One of the biggest things I’ve learned out here is the very real and important difference between knowing something intellectually and knowing something experientially. For example: I knew I would be hungry on the trail. I knew numbers like “you burn 6,000 calories a day”. But I didn’t know .
The serious hunger hit me during the Smokies. All of a sudden what I’d been eating for breakfast, what had been lasting easily until lunch, only got me an hour or two down the trail. When we had Mountain House dinners previously, Eric/Learnin’ would have to finish mine. But now I’d eat one and still be hungry. I’d eat one plus desert and still be hungry. Large quantities of food, so large I never would have dreamed of thinking about eating them before, just disappear into my stomach. For someone who never had a good appetite before and used to wish for a nutrition pill instead of having to consume meals, this is a big deal.
Also, we started having to supplement our dehydrated meals, because the portions we made were not enough. We’re mixing in mashed potato powder or mac and cheese to each one now to bulk it up. It’s pretty funny actually, because doing that completely negates the purpose of making the dinners in the first place. We made them because I had/have a lot of stomach issues and couldn’t digest carbs without lots of unpleasantness. None of the doctors realized the cure was simply walking fifteen miles a day with twenty five pounds on my back. Yes folks, out here I can eat whatever I want with no stomachaches, for the first time in years and years and years. Granted, a lot of it is terribly unhealthy so I have to pause the part of my brain that cares about that stuff. Which is most of my brain. But it’s really fun. I can drink beer again, and there is lots of good local microbrew in North Carolina, so I’m making up for lost time. I can eat potatoes in all forms, including fries, which along with beer used to be one of the worst things for me. Also spicy Cheetos, a particular favorite from my youth. It’s not sustainable of course, but for the next five months I’m going to enjoy the hell out of it. For the first time in a while, I really like eating.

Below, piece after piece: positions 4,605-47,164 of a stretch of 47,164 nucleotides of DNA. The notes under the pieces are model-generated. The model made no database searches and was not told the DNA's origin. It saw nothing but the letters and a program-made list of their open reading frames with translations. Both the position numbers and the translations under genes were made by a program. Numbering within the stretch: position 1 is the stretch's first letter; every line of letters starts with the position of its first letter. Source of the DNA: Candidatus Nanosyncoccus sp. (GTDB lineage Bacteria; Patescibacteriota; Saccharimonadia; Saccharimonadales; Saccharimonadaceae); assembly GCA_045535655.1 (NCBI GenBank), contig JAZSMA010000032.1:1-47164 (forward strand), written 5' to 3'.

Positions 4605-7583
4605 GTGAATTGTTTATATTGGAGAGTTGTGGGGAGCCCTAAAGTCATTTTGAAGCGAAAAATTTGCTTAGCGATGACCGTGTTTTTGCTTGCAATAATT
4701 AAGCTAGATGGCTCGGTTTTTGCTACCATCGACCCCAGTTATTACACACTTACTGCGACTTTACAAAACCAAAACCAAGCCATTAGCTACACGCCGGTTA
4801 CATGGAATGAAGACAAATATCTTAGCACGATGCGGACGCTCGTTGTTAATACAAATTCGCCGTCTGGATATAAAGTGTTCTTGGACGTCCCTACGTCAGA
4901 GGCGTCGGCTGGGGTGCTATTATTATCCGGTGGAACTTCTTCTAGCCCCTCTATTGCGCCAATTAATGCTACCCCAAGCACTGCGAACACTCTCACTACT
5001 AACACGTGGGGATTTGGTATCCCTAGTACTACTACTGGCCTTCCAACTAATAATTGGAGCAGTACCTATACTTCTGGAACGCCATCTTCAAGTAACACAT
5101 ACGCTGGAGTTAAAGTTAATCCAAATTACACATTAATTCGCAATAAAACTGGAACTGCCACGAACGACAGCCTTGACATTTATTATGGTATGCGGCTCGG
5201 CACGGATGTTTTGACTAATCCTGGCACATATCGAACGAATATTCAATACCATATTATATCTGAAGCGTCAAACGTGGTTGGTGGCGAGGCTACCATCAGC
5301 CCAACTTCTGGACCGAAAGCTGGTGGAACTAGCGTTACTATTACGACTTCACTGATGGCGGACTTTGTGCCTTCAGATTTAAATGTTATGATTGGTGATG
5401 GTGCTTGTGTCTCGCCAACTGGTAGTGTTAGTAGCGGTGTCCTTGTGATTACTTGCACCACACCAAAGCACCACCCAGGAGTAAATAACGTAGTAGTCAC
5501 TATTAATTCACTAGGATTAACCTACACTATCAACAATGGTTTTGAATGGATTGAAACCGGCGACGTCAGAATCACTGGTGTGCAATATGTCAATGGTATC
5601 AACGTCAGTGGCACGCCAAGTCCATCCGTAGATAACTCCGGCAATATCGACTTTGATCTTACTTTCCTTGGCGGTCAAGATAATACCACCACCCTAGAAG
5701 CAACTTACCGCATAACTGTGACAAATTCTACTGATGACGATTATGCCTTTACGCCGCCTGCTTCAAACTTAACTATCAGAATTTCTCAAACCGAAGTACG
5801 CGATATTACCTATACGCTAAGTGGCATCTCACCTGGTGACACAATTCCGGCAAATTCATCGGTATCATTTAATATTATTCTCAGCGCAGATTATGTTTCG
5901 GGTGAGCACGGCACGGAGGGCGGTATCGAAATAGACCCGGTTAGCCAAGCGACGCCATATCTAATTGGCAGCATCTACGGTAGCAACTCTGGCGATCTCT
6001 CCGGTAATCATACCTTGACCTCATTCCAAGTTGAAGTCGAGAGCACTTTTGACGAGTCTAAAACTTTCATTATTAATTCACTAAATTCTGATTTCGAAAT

I also really like thinking about food. You’d think with all the hours I spend just putting one foot in front of the other each day I would contemplate deep questions and figure out my life, but actually I spend most of it trying to get ridiculous songs out of my head (why would “Here Comes Santa Claus” be stuck in there for days and days??) and thinking about food. In fact, on the day the weather got good again in the Smokies, a lot of day hikers were out. After awhile I realized I was starting to get irritated with them because every time we passed one we’d have to say hello and some of them wanted to chat a bit, and I wanted them to just be quiet and go away so I could go back to thinking about apple pie in peace.
I’ve also had some pretty intense food dreams. In one, I was hiking, just like normal, and I came to a small shelter-like structure. Inside was a platform with a sign that said “The Leaving Table”. And on it was all kinds of amazing stuff. In particular, someone had left these HUGE strawberries, each one the size of two fists, deep red and obviously juicy. Man, it was sad to wake up from that (to a guy peeing in the middle of the floor).
Some people have tried to tell me I must be malnourished because I’m dreaming and thinking about food so much. But I don’t think so. It’s not an unpleasant fixation where I feel tortured by thoughts of food I can’t have. It’s actually quite pleasant. In town, I eat a lot, often to the point of being unpleasantly full. And also, we eat damn well on the trail. Healthily, I mean. While everyone else has another Knorr’s pasta side with more tuna stirred in, we’ve got homemade chili or shredded chicken with sweet potatoes and carrots and coconut oil or ghee.
And, for our mothers, we weighed ourselves in Hot Springs. One month of hiking down and not a pound lost between the two of us.